Review: On Bear Ridge (Royal Court)
National Theatre Wales and the Royal Court co-produce Ed Thomas' new play
Visions of a post-apocalyptic future set in a butcher's are a surprisingly regular occurrence – Lucy Kirkwood's Tinderbox or Jean-Pierre Jeunet's Delicatessen are examples. But there's something hauntingly novel about Ed Thomas' new play On Bear Ridge, which transfers to London after its initial run at the Sherman Theatre in Wales. A (quite literally) meaty yet slow-burn of a one-act production, the show is set on Bear Ridge, a secluded and mountainous area in an unnamed (yet likely Welsh) country, where roaring jet engines soar overhead while lives crumble below.
Thomas' text is a slightly oddball exploration of loss – the loss of family, the loss of society and the loss of language – that under less careful stewardship could have quite quickly become stale. But Thomas and co-director Vicky Featherstone let the various elements simmer, bringing out flavours and texture in a sparse script that rightly knows when to leave things unsaid – often letting the hollow silence of Mike Beer's sound design do the talking.
The entire experience is set inside the dishevelled, abandoned shop of John Daniel (Rhys Ifans) and his wife Noni (Rakie Ayola), who prepare ever-dwindling stock for customers that will never visit. John Daniel claims to be the last speaker of a dying language, proudly clinging onto a heritage that feels as immaterial as the walls of Cai Dyfan's shifting set. The couple's dreary lives, flitting in and out of lucidity, are upended by the arrival of a gun-toting Captain (Jason Hughes), pockmarked and clenching a loaded revolver.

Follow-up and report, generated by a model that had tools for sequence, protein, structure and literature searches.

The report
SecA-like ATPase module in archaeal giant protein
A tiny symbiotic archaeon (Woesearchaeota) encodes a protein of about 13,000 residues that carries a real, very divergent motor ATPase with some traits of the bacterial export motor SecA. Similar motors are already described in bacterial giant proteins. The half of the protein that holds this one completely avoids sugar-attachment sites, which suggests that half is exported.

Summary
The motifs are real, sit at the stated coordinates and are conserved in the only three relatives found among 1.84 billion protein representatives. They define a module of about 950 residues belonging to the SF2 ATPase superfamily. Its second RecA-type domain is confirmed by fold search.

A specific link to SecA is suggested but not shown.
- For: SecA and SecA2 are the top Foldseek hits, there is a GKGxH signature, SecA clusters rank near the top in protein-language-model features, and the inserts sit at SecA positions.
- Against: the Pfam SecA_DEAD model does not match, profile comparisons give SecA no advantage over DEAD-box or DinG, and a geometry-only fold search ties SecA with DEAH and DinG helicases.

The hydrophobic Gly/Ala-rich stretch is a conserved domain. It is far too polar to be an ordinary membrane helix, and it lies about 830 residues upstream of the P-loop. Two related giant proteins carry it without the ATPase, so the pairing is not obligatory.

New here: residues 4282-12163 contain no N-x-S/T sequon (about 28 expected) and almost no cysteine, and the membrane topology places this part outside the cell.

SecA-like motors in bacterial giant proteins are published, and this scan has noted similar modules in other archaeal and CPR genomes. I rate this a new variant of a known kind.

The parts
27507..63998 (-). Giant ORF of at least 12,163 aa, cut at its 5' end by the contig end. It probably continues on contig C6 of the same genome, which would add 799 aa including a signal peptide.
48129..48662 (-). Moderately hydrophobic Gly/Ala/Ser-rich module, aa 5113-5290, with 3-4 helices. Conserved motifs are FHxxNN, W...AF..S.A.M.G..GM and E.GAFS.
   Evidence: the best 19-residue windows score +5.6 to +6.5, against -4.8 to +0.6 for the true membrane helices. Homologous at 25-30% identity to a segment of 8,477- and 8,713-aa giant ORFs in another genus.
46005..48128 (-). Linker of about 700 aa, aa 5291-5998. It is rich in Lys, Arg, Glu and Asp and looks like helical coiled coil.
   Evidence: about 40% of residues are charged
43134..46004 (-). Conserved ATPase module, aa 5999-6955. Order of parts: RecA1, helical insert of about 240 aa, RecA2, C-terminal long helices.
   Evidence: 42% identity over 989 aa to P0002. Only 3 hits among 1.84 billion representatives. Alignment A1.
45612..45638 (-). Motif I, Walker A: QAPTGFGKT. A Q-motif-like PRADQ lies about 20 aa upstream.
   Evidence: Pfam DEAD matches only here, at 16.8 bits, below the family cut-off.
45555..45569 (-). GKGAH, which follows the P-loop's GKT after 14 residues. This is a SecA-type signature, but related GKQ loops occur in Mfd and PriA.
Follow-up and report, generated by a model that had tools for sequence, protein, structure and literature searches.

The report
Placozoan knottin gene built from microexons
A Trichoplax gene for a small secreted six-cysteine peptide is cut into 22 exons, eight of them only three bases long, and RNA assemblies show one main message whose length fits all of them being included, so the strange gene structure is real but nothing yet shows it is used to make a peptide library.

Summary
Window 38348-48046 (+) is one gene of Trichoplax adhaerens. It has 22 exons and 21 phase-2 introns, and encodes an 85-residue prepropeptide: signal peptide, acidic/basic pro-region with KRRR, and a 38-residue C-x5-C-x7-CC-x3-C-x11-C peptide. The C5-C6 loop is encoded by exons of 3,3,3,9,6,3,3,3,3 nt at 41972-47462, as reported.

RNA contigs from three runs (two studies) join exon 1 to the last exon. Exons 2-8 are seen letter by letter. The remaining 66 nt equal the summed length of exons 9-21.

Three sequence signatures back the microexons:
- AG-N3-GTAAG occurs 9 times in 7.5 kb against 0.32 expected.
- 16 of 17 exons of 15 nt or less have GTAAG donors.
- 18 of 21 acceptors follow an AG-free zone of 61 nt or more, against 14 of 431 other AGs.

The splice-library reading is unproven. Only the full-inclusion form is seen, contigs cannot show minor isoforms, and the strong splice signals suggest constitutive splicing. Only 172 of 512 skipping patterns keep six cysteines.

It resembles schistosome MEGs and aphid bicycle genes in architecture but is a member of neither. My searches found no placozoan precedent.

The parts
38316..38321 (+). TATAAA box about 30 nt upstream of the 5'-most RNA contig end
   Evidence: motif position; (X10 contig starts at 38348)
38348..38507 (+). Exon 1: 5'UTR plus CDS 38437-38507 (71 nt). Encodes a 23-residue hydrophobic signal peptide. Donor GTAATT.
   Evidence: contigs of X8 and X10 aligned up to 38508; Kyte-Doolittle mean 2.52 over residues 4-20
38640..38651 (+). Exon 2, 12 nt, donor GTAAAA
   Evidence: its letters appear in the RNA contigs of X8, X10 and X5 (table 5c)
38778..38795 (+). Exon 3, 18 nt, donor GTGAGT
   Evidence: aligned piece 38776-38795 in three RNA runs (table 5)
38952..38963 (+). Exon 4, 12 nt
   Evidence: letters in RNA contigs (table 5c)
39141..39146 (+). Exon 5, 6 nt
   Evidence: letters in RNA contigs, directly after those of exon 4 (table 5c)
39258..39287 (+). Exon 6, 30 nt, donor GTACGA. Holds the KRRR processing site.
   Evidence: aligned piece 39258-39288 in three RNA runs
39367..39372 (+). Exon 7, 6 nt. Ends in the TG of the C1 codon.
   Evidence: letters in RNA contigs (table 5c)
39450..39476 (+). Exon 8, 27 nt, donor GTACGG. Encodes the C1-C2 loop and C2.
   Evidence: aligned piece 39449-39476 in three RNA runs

Ifans, sporting a spotty gilet and quirky bowler hat, brings all the unhinged gusto you'd expect from an actor with Xenophilius Lovegood, Spike from Notting Hill and Lear's Fool among his credits. But it's in his quieter, sedate moments that the sing-song-esque lyricism of his performance emanates a heartwrenching melancholy. He's matched beat-for-beat by Ayola's Noni, touchingly earnest but stern – she delivers a monologue about trust with an abrupt, calculating ferocity that cuts through the show's sedate tone like a hot knife through mutton.
Thomas' points are keenly felt – in a world beset by conflict, rapid industrialisation and political wrangling, cultures can get lost in the midst of turbulence. It's no surprise that the population of Welsh speakers continues to decline. On Bear Ridge is a slow show and at times the unending tranquillity saddles the tragedy. But it's constantly affecting to watch a genealogy, a heritage, gradually perish on the side of an isolated mountain, swallowed by the snow. A well-wrought, cautionary tale.